Escobar Is Hounded By Injuries
Sunday, August 27, 2006
ATLANTA, Aug. 26 -- Alex Escobar is beyond asking the question so many people in his situation would ask: Why me?
"I'm way over that," the Washington Nationals center fielder said Saturday, a day after dislocating his right shoulder against the Atlanta Braves. "I'm just looking forward."
Yet there is so much on which to look back. Escobar is chronically injured. He spent time on the disabled list this season because of hamstring problems and, just this past week, ended up in a Miami hospital with a strange infection in his left elbow. Now, his season -- in which he hit .356 with 18 RBI in 33 games for the Nationals -- could well be over.
Escobar, who suffered the injury diving back to first base in the eighth inning of Friday's 7-6 victory, was originally supposed to travel to Washington on Saturday for an MRI exam. Instead, he elected to remain with the team and have the exam Monday.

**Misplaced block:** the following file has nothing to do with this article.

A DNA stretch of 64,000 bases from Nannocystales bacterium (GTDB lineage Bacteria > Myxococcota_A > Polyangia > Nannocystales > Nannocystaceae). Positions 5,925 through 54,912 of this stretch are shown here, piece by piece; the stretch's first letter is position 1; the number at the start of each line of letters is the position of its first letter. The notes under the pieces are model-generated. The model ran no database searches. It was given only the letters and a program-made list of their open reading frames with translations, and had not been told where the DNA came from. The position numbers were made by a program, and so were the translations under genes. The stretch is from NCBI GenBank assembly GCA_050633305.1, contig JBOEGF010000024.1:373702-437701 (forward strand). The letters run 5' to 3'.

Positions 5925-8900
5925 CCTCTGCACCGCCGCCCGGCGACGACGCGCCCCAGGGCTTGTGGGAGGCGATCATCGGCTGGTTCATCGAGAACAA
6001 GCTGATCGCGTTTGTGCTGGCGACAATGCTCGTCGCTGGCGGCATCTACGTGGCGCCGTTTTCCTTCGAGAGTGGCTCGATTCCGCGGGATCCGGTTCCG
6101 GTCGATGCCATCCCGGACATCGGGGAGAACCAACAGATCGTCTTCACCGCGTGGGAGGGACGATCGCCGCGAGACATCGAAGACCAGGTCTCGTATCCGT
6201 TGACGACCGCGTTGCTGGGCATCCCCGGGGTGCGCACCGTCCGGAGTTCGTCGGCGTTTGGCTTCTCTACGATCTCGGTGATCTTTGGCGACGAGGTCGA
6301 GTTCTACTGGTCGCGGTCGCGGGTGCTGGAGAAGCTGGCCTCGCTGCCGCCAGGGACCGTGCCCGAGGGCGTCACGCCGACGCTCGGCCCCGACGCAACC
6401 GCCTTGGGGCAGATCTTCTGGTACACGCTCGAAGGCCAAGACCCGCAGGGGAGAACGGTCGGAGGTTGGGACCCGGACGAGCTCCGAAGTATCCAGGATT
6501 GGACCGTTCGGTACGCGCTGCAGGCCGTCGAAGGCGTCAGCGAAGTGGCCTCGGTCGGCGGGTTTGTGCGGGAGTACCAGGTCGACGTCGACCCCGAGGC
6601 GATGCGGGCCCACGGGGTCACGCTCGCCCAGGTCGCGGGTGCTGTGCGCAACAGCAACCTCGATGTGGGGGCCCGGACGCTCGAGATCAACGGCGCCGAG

Tim Abraham, the team's head athletic trainer, said an X-ray taken Friday night showed no structural damage to the shoulder, and Escobar still holds out hope he could play this season. But either way, he is trying to remain focused on what he accomplished this year, not what was cut short.
"I learned that I'm still me," he said. "I'm still the player that I know I could be when I'm on the field. I learned that I can play at this level no matter what. Adversity is one thing that I have to overcome. . . . It's not going to be like this forever."
Third baseman Ryan Zimmerman said he remains unconcerned about his current slump. He is 2 for his last 24, dropping his average to .279. "I'm not getting hits," he said. "I'm not swinging at bad pitches. I feel fine with my at-bats." . . .
Friday night, in his 929th game, Alfonso Soriano became the fastest member of the 200-steal, 200-homer club. Of the 40 members, only one took more games to reach 200-200 than Nationals Manager Frank Robinson, who stole his 200th base in his 2,591st game. Kansas City's George Brett took 2,678 games.